Anyway I digress.  This film as all the others was shot in my OM1n, some shots using a circular polarising filter.  I rated all shots at box speed.

Before I get to the images I want to say the following.  When I see others images with this film I love it and what people can achieve with it which is why I bought the brick.  Slide film can be tough to work with but I do feel we shouldn’t be scared of it because when you get it right slides are wonderful and the scans do not do it justice.  Yes it is expensive and tough but I do believe it is worth the effort.  That said I am disappointed with the results I got with this.  Partly because the scans required more than I normally prefer adjusting in Snapseed* but mainly because I have seen what others have achieved and I know I can do better.  I am finding this film tough.

*side note, IMHO adjust away the same as a darkroom adjustments but I do like to get as close as possible in camera

Enough said here are the results and oh yeah say no to x’pro E6 all the way

The Holiday:  Roll 1/10 Oriental Seagull 100

The third instalment of the rolls of film I shot in Malta.  This time it is Oriental Seagull 100.   I was sent this film (and the 400 version) by @Emulsivefilm (Twitter) www.emulsive.org 

My research tells me this is a rebranded film based on Ilford’s Kentmere range.  The lab that developed this roll and the 400 used the development guide for Kentmere.

I very much liked the results I got from the 400, so was interested to see what the 100 would be like.  (400 example below)

Oriental Seagull 400. Daytime long exposure

The 100 was shot through my Olympus OM1n, at this point in the holiday the meter was working.  What I did however find interesting was I set the camera meter ISO to 100, it was a bright day but the meter seemed to be telling me (against my instinct) that it needed more light, it just didn’t feel right.   This was interesting to me as I am reliant on my meter, yet when I shoot with my Holga I don’t use a secondary meter and go by instinct.  I am slowly learning to trust my judgement with light and scenes.  

Anyway back to how I got on with the 100.  I like the film a lot and if it is basically Kentmere will definitely buy some more.  In terms of the pictures I have taken with it in Malta I am pretty Meh about them, they are only OK.  I believe I rushed this roll too much.  It was the first of 10 rolls for the Holiday and we were visiting the city of Valletta and in my head I guess I felt the need to finish the roll that visit as otherwise I would get behind finishing the 10 by the end of the Holiday.

Anyway enough of the words, here are the pictures so you can make your judgement

The Holiday.  Roll 8/10 Washsi S. The Sound of Valletta 

So following on from my last post shooting the Lomochrome purple in Malta, today’s update is how I got on with Washi S film.

If you have not come across this film before it is a film provided by Washi, a French outfit, best known for their film papers.  I have shot this film twice before.  One time in London where I was very happy with the results and once in Brighton where I got a few images but I wasn’t respectful to the film properties so not so great.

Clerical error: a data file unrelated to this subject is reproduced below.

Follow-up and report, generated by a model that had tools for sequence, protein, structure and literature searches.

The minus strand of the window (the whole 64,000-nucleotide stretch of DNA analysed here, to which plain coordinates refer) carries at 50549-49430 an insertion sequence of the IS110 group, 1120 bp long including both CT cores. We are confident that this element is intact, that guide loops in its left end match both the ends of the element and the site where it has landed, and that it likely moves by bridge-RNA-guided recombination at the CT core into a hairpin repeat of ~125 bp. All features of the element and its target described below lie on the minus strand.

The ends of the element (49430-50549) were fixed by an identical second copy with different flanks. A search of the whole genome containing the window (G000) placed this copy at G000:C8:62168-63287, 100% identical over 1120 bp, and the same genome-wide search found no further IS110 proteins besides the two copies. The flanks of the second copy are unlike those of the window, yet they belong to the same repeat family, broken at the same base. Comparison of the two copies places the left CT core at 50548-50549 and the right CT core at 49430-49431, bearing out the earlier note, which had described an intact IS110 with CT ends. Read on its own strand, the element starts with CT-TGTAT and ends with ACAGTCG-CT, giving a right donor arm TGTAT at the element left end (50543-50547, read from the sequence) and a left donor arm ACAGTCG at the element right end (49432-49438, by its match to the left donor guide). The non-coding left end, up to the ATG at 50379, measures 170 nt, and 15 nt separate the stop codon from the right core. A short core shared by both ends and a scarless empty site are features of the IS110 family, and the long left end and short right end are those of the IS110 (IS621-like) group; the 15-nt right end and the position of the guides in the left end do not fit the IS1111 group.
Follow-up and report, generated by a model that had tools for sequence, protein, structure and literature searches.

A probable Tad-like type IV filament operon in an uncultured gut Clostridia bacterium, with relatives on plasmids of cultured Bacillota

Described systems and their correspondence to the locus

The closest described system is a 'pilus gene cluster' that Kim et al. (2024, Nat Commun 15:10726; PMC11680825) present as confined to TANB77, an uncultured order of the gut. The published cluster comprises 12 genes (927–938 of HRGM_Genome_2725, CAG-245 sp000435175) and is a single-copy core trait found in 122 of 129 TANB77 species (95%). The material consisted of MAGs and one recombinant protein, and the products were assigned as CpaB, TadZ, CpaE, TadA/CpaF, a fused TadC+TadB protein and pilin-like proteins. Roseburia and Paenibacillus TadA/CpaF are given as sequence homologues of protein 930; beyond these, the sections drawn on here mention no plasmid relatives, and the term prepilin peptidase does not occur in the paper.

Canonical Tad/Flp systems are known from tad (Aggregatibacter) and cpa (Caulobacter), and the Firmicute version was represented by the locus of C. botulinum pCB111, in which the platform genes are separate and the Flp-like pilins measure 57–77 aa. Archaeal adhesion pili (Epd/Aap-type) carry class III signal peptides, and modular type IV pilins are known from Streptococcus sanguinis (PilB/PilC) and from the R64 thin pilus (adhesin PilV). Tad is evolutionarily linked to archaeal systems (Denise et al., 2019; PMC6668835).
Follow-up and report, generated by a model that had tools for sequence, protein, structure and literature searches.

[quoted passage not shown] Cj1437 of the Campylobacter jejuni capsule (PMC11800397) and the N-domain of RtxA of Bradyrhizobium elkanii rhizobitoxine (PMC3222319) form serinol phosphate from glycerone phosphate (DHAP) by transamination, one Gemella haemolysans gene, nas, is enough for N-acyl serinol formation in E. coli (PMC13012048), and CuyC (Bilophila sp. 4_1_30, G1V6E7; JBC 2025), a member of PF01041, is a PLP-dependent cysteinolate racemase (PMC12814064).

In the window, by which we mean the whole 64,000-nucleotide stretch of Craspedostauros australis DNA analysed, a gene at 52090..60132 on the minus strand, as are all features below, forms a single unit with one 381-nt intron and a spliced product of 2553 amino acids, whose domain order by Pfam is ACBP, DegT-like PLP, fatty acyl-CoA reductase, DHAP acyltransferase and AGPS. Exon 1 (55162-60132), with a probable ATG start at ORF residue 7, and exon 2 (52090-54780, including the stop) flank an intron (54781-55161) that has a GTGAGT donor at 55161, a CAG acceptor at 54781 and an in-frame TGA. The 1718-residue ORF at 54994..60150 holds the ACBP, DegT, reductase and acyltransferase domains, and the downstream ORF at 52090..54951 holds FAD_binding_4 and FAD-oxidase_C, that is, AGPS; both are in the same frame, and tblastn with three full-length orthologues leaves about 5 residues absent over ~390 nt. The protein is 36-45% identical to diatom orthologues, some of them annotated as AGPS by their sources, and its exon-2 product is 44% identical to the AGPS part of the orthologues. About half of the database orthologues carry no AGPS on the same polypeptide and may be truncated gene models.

Washi S is a sound recording film used in the motion picture industry.  Shot in a 35mm camera it acts as a very high contrast ISO50 Black & White film.  What I have learnt in the few times I have now tried it, is that you have to be very respectful to the highlights and also the areas where the sun is reflected.

This roll was shot in my OM1n, metered at ISO50 using the Lumu iPhone app and an orange filter on the camera.  A little note, I found it better to meter the whole scene and then also spot meter certain areas of the frame to try and gauge between the bright and the dark to aim to keep the light under control.   This again maybe my own blind leading the blind theory but seems to have worked out.

I shot this roll in the city of Valletta, which is Malta’s capital and also a UNESCO World Heritage sight.  The conditions were bright sunlight, mainly clear skies and shadows from the buildings.

Here are the results, I don’t normally say things like this, but I am very very pleased with the results and looking forward to using and understanding this film more and more.



An idea what a difference one stop makes below


and another example below of one stop difference 


The Parliament area of Valletta 


Near the main gate to the city


The lift to the Upper Gardens


The Architecture
 

Valletta is also going to be European City of Culture in 2018 and they are building up installations, artwork and sculputure to add to the fantastic historical sights they already have.


And finally, my favourite (non-family) photograph of the whole trip.  We were sitting in a typical Valletta outdoor cafe, great food and drink when I took this, it is also the first shot of the roll.  It has come out exactly as I visualised with the film and I love it.


I hope you enjoyed this, still to come from my holidays rolls:  Oriental Seagull 100, Kodak E100VS, Fuji Velvia 50, Kodak Vision 50D, Kodak Vision 250D and Kodak Double x